Awareness of Adverse Effects of Tobacco Smoke on Under-Five Children Among Nursing Mothers Attending Clinics at Ikotun Primary Health Centre, Lagos (Published)
Tobacco smoke has remained a major public health challenge despite numerous strategies devised by international communities to control it. Studies have shown that maternal passive and active smoking is associated with an increased risk of obstetric complications and adverse perinatal outcomes. Parents who choose to smoke are possibly not aware of or deny the negative effects of such action on their offspring. Based on this observation, this study investigated awareness of adverse effects of tobacco smoke on under-5 children amongst nursing mothers attending clinics at Ikotun PHC Lagos. The study employed a descriptive survey design, convenience sampling, a self-designed questionnaire, and both face and content validity to assess the awareness of nursing mothers attending Ikotun Primary Health Centre, Lagos, regarding the adverse effects of tobacco smoke on their under-five children. The collected data were analyzed using SPSS version 23 and presented descriptively in frequency tables to provide insights into the research objectives. Study revealed that the overall awareness and knowledge level of tobacco smoke was good as majority (74.2%) and (52.5%) of the study population were aware and knowledgeable about the harmful effects of tobacco smoke to young children. Also, the nursing mothers exhibited poor perception towards tobacco smoke with a mean score of 1.4 and 37.5% of them that strongly agreed that tobacco smoking is not harmful even during pregnancy. majority (83.3%) and (76.7%) of the study population believed that being a smoker and age respectively affects knowledge and how the pregnant women perceive the adverse effects of tobacco smoking particularly on the unborn. Most (65.8%) affirmed that having a smoker in the family affects the perception of the adverse effects of tobacco smoking. Based on these findings, there is need for public health education programme targeting this population should enhance their self-awareness and consequently increase their knowledge to the complications, discomforts, infertility and adverse perinatal outcomes related to STS exposure and prompt them to adopt prevention strategies.
Influence of Radio Messages on Malaria Prevention Behaviour among Pregnant Women and Nursing Mothers in Ebonyi State, Nigeria (Published)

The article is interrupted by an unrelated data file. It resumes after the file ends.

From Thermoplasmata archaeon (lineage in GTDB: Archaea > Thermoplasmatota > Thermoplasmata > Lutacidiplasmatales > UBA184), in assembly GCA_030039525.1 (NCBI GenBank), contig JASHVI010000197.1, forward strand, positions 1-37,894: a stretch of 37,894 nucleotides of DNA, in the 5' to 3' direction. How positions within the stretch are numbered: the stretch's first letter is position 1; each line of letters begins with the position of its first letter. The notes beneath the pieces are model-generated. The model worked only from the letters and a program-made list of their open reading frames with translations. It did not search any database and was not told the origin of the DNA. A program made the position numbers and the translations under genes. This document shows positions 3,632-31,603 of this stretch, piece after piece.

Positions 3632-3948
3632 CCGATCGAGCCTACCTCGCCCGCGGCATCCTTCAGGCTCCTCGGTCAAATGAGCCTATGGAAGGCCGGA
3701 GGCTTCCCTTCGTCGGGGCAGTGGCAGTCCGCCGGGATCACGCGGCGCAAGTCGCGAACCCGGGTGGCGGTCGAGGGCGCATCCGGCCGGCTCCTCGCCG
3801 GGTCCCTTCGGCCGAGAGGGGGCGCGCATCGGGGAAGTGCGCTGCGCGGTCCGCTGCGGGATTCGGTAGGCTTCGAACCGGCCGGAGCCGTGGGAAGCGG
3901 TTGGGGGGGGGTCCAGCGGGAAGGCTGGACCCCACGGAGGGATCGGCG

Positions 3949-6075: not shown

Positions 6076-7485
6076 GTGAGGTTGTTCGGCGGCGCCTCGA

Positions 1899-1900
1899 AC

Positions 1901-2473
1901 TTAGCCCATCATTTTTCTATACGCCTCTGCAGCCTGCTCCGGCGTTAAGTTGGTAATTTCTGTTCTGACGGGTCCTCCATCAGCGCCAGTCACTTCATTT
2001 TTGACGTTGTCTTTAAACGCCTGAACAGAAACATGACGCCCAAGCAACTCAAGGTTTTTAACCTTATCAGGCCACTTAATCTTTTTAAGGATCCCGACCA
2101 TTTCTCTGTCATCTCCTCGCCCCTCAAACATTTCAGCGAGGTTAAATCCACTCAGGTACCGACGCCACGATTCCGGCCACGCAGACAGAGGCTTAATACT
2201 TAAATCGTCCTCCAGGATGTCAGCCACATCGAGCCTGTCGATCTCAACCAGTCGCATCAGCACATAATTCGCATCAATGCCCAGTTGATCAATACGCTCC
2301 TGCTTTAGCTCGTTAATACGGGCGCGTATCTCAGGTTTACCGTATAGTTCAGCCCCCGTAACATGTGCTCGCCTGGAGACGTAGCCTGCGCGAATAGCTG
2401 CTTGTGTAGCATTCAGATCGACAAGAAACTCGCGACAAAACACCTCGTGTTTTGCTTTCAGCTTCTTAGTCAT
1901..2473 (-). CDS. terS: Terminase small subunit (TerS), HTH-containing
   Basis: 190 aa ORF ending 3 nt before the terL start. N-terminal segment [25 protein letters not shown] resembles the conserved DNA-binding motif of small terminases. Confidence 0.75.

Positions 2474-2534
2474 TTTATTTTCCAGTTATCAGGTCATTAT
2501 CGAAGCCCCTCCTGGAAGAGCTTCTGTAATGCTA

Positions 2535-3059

This study investigated influence of radio messages on malaria prevention behaviour among pregnant women and nursing mothers in Ebonyi State, Nigeria. Descriptive survey research design was adopted. Agenda Setting was the theoretical framework. Questionnaire served as instrument for data collection. Data generated were analyzed using descriptive statistics. The issues of exposure, acceptance and adoption/behavioral change which formed the basis of the hypothesis were tested using chi-square. Result shows radio as an effective medium of disseminating maternal health messages. The study calls on the ministry of health to partner with both local and international health agencies in anti-malaria policy formulation and implementations towards ameliorating malaria fatalities among pregnant women and nursing mothers, particularly, among rural pregnant mothers. Again, distribution of free mosquito-treated nets to pregnant women and nursing mothers should be regular, particularly among the poor rural dwellers as this would go a long way in curtailing the menace of malaria among this vulnerable age-group. The study further calls for a reinvigorated effort at promoting maternal health messages, particularly on malaria prevention using a multi-media approach for wider reach and access.
Nweze Samuel, Kenneth Adibe Nwafor, Nwafor, Ezinne Comfort , Nnamani Nkechi Abigail, Nworie Happiness, Inah Libra Chinedu (2020), Influence of Radio Messages on Malaria Prevention Behaviour among Pregnant Women and Nursing Mothers in Ebonyi State, Nigeria, International Journal of Nursing, Midwife and Health Related Cases, Vol.6, No.2, pp.73-83,